Anthony Scaramucci, the flashy and sometimes profane Wall Street financier, was brought on as White House communications director last Friday. It’s already clear he’s a lot more than that.
In the span of six days, he has launched a brutally edged campaign to identify White House leakers, threatened to “fire everybody” in the communications shop, and has declared war on chief of staff Reince Priebus and chief strategist Steve Bannon.
Scaramucci, who boasted that he reports directly to President Donald Trump, has described his role as “fixing the place,” said one person who spoke with him this week.
And he’s wasting no time.
In a vulgar interview with The New Yorker’s Ryan Lizza on Wednesday night, Scaramucci laced into Priebus for trying to “c— block” him from a job in the White House, called him a “f—— paranoid schizophrenic,” and questioned Bannon’s loyalty.
“I’m not Steve Bannon, I’m not trying to suck my own c—,” he said.
One person who talked to Scaramucci said he talks openly about getting rid of Priebus, the former Republican National Committee chairman whose job has appeared to be in jeopardy for months.
"He’s got to go," this person said, summarizing Scaramucci’s comments about Priebus.
It’s unclear how the New Yorker interview will impact Scaramucci’s standing with Trump, but the president has already praised Scaramucci’s brawler instincts, including his ability to get a retraction from CNN on an article that linked Scaramucci to the Russia investigations. But his attacks on fellow aides are sure to draw some condemnations and questions about his own future in the West Wing.
Scaramucci’s arrival was described by one adviser as “a cannonball from a diving board into a pool.” With his brash outer-borough New York ethos and flair for showmanship, Scaramucci is perhaps more like Trump himself than anyone else on the White House staff—and his appointment is a clear signal that the president is walking away from his initial embrace of establishment Republicans familiar with Washington.
Instead, Trump is choosing the gut-driven approach that won him the presidency. And that especially doesn’t bode well for Priebus.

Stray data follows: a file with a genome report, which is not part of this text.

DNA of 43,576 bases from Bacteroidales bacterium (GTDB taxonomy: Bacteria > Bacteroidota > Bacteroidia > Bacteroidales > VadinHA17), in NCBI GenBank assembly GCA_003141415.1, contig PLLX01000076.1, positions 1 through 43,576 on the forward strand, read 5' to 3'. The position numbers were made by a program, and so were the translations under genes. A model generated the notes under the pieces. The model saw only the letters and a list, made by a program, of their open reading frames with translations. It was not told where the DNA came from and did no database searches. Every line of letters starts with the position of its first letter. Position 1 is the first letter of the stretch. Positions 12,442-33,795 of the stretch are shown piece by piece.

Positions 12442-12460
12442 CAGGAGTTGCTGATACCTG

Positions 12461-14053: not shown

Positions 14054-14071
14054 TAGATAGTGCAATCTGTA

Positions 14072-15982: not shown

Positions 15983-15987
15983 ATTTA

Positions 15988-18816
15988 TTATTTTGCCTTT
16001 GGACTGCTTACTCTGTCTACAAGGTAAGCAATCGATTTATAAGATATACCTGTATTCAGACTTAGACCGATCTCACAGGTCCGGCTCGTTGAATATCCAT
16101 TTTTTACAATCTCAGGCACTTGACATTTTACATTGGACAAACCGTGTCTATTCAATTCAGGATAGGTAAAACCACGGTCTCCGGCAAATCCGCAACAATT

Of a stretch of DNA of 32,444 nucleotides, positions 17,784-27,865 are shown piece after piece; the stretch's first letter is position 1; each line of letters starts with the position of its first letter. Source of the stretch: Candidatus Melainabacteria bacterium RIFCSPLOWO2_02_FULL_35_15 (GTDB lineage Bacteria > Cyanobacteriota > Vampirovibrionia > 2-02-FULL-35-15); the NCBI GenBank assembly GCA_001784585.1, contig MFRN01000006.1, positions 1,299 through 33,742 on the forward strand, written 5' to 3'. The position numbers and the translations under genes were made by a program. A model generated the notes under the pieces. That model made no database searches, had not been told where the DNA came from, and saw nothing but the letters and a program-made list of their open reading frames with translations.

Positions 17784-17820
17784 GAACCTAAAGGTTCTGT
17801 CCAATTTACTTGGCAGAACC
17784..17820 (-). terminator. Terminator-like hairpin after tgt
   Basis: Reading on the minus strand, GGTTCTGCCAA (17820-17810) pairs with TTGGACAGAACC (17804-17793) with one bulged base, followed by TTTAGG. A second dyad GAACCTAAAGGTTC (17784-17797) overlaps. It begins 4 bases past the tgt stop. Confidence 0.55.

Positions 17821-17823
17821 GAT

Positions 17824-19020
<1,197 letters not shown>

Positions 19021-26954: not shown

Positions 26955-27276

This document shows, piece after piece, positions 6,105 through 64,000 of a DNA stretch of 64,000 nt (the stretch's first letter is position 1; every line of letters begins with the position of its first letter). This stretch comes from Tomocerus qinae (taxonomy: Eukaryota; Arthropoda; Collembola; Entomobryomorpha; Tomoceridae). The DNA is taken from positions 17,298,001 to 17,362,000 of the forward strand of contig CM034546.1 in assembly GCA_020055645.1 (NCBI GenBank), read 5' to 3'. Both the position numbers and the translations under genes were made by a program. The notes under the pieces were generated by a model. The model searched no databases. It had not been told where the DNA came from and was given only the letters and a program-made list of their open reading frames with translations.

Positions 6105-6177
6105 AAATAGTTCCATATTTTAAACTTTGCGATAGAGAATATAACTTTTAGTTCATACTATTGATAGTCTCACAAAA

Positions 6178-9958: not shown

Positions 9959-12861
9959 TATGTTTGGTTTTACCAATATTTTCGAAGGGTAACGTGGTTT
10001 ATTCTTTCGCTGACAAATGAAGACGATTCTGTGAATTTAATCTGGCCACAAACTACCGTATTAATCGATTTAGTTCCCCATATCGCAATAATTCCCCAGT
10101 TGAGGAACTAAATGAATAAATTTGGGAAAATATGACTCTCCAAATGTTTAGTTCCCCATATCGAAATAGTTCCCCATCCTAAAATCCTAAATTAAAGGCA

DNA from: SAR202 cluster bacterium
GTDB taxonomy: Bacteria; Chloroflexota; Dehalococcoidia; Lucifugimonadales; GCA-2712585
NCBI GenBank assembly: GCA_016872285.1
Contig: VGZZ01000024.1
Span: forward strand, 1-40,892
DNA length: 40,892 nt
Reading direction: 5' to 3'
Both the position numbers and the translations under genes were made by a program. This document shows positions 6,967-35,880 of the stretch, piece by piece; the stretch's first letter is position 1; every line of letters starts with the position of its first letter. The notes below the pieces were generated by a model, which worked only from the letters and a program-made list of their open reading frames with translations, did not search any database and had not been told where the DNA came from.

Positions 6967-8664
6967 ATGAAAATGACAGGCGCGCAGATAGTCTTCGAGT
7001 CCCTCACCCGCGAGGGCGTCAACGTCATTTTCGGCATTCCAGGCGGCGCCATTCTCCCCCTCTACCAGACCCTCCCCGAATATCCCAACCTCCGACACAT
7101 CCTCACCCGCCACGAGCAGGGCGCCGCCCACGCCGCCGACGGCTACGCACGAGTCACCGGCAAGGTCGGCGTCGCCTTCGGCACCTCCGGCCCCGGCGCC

The chief of staff has seen his power base steadily erode, losing first his deputy Katie Walsh, who departed the administration in March and recently returned to the RNC, and then press secretary Sean Spicer, who resigned after it was clear that Scaramucci would be above him in the West Wing.
Some in the West Wing had thought it would be Priebus who would leave once the news of Scaramucci’s hiring broke.
In a potentially ominous sign, Priebus’ usual defenders in the White House seemed subdued on Thursday, a noticeable shift from earlier in the administration, when public criticism of the chief of staff was met with a rapid response. No one seemed empowered to defend Priebus, unlike in the early days, when two paragraphs in a story about him could prompt six or more phone calls.
One person who spoke to Priebus over the weekend said he’d wanted to make it to a year in the White House, but has settled for staying “at least through health care.”
One reason Priebus and his allies opposed Scaramucci coming on board was they knew “he wouldn’t just be a comms person going on TV,” one West Wing official said.
Priebus has begun calling allies and asking for advice on whether he should stay in the job and how he should handle the situation, according to people familiar with the talks. One such call went to Speaker Paul Ryan earlier this week, who advised Priebus to stay and that the president needed him. “They speak often,” said Doug Andres, a Ryan spokesman, who declined to comment further.